Photo: Just another beach.

Coastal drive Phan Rang to Ca Na

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While backpackers often scurry between Mui Ne and Nha Trang, there’s a whole lot of coast to be explored in between. The relatively new coastal road between Phan Rang and Ca Na begs for travellers to slow down, get off the bus, get off Highway 1 – and get onto a motorbike. On one side of the road, dramatic desert landscape; the other side ocean blue. And in the middle of the journey is one seriously spectacular beach.

We said we were serious.

We said we were serious.

The most direct way from Phan Rang to Ca Na is via busy, charmless Highway 1A, a straight 35 kilometres. Taking the road along the coast takes 45 kilometres, and it’s worth it. Be sure to allot time for the beach and for photos. This can also be done as a day trip from Phan Rang or Ca Na, though there are no motorbike rentals or official motorbike taxis in Ca Na.

Easy Riders, take notice.

Easy Riders, take notice.

From the southeastern edge of Phan Rang city, head south and cross the river over An Dong bridge (Cau An Dong). Head south along this road which follows the coast, passing baby shrimp farms, seafood factories and the sand dunes. The landscape transitions, becoming more empty and desert-like, civilisation fades and the smooth, unwaveringly flat and desolate road stretches out to a fortress of craggy mountains on the horizon. This area is an oven, the stifling wind like a dragon breathing in your face – Ninh Thuan is the hottest and driest province in Vietnam.

The road itself is a curiosity. The four-lane highway is obviously a more recent construction, and a wide footpath with struggling saplings flanks both sides – for who, we’re not sure, as there is almost nothing along this road. Built under the “if we build it they will come” philosophy of Vietnamese development, perhaps one day there will be resorts and theme parks, but so far no one is coming – and that’s a good thing for adventurous travellers.

Road to nowhere.

Road to nowhere.

Thirteen kilometres on from the bridge in Phan Rang is the small fishing village of Song Hai, eking a living in such an isolated spot. Another seven kilometres, just before the road rises, twists west and begins to snake along the coast, is a promontory of land that is the highlight of the journey. You’ll come across a pop-up stand selling drinks – you can’t miss it as it’s a random cafe in the middle of nowhere. Park your motorbike for a few dong and load up on water because it’s a 20-minute slog across a sea of scorching sand down to the cove. By the end, it feels like you’re in a movie as the haggard bearded fellow lost in the desert with vultures circling overhead. Just when you think you’ll collapse and let the elements take you, the water appears like a mirage. Could this be real? It is. Dive in.

I guess this is ok.

I guess this is ok.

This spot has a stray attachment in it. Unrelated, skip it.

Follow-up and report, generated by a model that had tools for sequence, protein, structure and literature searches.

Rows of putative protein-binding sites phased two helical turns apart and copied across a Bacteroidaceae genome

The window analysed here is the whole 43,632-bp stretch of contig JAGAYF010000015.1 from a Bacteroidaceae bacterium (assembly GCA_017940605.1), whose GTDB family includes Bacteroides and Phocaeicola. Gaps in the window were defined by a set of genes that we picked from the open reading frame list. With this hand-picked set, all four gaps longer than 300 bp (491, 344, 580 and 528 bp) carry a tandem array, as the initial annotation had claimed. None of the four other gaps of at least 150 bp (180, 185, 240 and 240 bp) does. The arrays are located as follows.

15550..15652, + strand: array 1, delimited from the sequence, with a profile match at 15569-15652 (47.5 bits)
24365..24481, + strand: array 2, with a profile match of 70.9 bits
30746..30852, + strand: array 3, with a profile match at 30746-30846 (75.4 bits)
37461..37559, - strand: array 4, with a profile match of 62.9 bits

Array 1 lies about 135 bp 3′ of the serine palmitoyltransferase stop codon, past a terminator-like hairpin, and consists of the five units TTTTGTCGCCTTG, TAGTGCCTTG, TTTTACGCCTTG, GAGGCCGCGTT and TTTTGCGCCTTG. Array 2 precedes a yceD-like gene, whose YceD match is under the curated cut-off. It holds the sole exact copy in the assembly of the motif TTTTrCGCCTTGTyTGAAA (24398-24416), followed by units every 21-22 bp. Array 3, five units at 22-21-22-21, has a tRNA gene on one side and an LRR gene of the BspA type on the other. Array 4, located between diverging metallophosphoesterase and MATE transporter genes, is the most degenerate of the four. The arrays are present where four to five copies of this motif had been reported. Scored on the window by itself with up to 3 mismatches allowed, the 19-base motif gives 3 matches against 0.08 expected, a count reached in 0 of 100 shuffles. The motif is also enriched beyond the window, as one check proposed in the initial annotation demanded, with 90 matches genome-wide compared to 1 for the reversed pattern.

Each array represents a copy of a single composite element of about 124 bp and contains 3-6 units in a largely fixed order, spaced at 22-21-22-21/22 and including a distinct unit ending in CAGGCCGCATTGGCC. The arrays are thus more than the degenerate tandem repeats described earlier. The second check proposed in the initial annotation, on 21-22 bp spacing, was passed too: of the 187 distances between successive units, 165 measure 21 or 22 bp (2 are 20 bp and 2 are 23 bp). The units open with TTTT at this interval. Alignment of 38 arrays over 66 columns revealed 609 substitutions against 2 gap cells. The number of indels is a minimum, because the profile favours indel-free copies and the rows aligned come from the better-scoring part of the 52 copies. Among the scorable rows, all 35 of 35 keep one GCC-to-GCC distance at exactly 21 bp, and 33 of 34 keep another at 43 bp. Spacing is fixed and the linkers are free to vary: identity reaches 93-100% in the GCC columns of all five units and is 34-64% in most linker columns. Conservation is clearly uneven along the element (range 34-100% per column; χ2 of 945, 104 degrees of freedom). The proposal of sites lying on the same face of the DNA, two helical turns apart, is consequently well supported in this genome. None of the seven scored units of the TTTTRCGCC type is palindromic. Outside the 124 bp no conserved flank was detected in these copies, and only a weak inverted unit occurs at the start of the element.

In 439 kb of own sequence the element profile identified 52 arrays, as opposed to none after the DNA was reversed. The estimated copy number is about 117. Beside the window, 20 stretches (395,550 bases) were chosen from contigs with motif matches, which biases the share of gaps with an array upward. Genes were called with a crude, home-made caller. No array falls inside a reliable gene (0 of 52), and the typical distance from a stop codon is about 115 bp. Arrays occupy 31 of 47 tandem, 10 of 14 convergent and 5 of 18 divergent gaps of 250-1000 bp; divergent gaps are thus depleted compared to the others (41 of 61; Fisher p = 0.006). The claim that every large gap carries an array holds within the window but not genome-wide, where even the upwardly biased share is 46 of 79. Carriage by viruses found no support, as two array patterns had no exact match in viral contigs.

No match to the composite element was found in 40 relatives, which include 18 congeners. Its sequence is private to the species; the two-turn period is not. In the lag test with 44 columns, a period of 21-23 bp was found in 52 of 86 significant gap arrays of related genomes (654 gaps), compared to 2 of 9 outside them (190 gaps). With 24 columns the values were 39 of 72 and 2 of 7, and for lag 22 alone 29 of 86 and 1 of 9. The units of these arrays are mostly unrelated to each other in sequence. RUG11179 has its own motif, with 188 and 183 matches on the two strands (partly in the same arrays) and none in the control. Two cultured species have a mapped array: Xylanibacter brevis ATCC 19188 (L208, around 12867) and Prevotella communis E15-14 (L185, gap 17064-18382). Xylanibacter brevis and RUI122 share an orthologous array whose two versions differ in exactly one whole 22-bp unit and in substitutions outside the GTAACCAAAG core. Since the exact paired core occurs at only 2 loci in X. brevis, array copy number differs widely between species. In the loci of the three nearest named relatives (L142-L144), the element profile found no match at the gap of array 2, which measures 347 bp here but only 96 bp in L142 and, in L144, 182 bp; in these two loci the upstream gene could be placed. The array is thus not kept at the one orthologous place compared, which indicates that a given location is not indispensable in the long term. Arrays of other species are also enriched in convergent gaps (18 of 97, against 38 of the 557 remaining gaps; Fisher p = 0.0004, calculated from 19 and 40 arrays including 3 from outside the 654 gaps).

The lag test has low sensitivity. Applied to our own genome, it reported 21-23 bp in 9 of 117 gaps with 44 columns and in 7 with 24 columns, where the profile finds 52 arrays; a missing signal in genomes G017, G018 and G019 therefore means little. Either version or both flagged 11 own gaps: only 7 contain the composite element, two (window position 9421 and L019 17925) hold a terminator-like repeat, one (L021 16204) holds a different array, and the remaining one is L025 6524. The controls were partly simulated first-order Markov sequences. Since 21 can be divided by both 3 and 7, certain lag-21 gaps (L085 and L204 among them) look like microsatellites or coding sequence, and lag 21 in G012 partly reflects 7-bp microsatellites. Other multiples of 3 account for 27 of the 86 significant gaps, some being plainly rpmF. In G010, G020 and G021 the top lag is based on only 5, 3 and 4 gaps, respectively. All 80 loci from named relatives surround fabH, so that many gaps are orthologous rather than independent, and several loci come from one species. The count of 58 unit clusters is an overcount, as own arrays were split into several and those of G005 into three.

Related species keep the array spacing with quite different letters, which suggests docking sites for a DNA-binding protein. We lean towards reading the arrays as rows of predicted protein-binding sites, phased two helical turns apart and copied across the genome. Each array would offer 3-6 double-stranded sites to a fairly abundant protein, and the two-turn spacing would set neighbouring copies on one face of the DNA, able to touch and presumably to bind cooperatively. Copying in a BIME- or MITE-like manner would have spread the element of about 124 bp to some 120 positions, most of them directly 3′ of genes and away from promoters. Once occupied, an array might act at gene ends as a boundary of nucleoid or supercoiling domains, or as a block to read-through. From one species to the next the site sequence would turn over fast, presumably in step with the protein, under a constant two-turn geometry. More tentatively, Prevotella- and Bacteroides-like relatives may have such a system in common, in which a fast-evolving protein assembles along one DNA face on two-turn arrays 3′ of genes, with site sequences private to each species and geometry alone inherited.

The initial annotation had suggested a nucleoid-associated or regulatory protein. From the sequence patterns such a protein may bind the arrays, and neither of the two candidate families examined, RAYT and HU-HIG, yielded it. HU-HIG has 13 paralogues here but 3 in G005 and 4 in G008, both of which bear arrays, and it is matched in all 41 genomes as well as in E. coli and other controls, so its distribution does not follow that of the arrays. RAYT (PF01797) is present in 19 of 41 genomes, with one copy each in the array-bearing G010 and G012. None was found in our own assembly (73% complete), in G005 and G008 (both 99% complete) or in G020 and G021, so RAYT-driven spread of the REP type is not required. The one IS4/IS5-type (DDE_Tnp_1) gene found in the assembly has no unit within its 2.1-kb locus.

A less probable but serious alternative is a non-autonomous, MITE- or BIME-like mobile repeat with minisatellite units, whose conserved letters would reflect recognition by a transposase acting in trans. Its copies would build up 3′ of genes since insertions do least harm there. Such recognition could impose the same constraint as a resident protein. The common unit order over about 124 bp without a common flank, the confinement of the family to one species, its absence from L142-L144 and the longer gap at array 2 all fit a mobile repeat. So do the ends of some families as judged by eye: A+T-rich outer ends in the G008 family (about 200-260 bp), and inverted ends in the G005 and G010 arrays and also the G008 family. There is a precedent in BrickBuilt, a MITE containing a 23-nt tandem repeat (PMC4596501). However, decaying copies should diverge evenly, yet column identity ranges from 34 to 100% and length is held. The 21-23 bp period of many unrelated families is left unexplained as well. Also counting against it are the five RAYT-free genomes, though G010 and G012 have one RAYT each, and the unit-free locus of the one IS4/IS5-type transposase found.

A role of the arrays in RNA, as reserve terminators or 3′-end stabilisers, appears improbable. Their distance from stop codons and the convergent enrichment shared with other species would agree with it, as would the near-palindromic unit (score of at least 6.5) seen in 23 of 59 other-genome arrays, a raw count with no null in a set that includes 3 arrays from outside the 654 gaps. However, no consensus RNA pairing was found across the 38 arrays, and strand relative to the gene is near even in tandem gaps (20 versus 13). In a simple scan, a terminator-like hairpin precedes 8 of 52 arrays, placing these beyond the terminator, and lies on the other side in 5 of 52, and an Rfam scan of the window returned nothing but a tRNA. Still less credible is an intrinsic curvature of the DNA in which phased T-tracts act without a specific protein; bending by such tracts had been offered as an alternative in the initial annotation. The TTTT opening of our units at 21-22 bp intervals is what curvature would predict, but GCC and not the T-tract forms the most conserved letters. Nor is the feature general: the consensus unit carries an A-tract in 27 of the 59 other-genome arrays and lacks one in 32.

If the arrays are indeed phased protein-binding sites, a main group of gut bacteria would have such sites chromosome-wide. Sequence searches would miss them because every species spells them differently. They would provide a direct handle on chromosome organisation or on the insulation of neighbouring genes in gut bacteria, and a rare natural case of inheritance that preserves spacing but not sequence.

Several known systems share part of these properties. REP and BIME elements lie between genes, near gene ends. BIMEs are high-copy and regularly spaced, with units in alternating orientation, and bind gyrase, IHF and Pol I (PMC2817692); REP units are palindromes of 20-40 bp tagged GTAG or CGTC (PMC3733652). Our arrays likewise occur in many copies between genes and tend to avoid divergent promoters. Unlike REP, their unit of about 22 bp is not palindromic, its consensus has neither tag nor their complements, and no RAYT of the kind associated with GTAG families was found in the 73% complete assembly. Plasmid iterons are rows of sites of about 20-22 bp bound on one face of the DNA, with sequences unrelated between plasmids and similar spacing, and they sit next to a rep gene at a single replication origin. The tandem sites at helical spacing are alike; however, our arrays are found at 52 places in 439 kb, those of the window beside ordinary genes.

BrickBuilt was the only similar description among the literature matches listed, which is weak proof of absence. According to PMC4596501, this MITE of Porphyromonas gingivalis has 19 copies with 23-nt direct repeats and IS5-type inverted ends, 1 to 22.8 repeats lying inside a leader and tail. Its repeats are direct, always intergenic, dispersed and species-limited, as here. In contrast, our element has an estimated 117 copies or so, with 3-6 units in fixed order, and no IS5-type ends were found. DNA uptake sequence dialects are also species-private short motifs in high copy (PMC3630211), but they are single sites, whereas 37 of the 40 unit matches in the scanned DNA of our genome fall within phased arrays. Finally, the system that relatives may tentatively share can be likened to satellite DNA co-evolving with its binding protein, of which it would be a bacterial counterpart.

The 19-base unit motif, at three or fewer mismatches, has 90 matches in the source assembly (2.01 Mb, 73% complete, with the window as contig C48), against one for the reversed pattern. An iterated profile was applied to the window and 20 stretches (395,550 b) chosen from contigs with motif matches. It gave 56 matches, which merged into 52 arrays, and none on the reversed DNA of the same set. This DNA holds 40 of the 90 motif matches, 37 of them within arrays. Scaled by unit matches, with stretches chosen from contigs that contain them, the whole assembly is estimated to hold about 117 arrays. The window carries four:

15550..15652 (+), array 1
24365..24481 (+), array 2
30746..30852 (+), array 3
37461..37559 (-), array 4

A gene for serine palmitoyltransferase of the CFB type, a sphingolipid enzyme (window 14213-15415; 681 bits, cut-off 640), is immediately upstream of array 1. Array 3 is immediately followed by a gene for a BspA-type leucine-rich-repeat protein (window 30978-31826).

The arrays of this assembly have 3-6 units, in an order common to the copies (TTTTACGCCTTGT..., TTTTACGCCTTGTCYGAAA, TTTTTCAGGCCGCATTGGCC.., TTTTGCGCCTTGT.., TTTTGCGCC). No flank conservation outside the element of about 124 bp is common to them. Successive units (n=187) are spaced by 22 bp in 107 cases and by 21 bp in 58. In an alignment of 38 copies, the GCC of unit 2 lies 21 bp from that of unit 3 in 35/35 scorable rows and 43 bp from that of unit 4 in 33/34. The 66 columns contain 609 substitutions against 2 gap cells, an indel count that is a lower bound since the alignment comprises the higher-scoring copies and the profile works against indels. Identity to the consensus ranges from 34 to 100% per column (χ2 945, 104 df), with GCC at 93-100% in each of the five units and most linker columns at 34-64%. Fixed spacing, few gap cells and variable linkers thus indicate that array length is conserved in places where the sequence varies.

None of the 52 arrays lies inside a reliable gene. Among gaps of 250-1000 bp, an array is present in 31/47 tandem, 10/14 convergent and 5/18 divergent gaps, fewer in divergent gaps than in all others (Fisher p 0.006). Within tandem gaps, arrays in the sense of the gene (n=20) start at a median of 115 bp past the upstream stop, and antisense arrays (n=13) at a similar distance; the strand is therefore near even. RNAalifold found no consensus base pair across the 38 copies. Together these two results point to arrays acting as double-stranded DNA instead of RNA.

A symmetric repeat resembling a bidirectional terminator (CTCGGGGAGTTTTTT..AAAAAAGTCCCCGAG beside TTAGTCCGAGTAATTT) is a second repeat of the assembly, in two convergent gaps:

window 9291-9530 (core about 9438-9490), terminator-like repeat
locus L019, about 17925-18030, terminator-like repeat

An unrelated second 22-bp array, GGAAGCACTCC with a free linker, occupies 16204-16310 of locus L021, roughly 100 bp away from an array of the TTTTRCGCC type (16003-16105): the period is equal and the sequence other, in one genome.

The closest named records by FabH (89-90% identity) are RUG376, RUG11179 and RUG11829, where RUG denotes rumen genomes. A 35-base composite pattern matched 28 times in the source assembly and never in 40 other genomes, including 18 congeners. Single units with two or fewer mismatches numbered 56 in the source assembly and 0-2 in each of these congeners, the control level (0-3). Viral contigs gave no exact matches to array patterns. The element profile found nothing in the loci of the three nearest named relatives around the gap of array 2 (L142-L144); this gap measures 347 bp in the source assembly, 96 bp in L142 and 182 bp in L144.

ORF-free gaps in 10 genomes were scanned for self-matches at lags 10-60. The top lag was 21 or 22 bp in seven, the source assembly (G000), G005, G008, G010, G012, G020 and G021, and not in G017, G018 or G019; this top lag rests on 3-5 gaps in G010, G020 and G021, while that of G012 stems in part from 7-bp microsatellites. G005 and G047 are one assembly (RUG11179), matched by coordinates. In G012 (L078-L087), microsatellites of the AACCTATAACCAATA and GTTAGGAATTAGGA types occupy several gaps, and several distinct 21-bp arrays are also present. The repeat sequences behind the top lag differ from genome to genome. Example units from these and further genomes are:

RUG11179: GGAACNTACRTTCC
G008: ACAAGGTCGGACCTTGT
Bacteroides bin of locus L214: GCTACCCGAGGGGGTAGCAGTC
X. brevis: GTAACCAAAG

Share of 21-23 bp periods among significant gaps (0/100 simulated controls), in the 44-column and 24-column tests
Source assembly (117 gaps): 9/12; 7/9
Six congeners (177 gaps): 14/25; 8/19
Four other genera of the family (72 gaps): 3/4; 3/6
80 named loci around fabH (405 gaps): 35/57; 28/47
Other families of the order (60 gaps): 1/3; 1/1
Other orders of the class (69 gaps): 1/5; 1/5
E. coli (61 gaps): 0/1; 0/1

The cove is glorious, and despite being so out of the way, there are two cafe tents (this is still Vietnam after all). A pile of boulders juts out; scramble up for a picture. If you have enough energy, climb the trail up to Mui Dinh Lighthouse for another great view. We only found out after we departed that it’s possible to stay overnight up there. We were told there’s a basic solar powered guesthouse, but the person we spoke to wasn’t sure if foreigners were allowed to stay – lighthouses tend to be a touchy place for the government, who are ever weary of foreign spies in their on-going spat over ocean territory. If you do manage to stay there, let us know.

View of Mui Dinh from the road.

View of Mui Dinh from the road, the lighthouse just visible.

We were dreading the climb back up to the road when we saw another surreal sight: a tractor pulling a wagon arriving to the beach. A family had hired it from the village and we were able to hitch a ride back. It can be hired for 500,000 dong one-way; 600,000 dong round trip. The driver Tuny: (016) 7871 7495 (no English).

It’s 19 kilometres west to Ca Na and this is where the drive gets lovely as the road follows the coast closely, often with nothing but a barrier and a sheer drop to the water.

Eyes on the road.

Eyes on the road.

For us, this off the beaten track beach was well worth the extra day and the overnight in Ca Na. We hired a motorbike taxi in Phan Rang who took us to Ca Na for 450,000 dong, and that included the long stop. If hiring a driver, just be clear you want to go by the coast and not Highway 1A. From Ca Na, we easily caught the Tam Hanh bus passing through to Mui Ne.

On your own motorbike? Note: there is no infrastructure along this route so you’ll want to be fairly self sufficient in dealing with potential flats or breakdowns. Also check the latest situation about the road. Before our journey, it had been closed for a while to clear a rockslide that blocked the way and we skirted around several work crews still removing rubble and fixing downed power lines.

Essentially, this section is part of a 270 kilometre scenic drive along the coast from Mui Ne to Nha Trang, much of it new roads that see little traffic. The highlights are the desert sand dunes of Mui Ne, this Ca Na to Phan Rang Thap Cham route, the stunning Vinh Hy-Binh Tien Pass to Cam Ranh, and Cam Ranh to Nha Trang.

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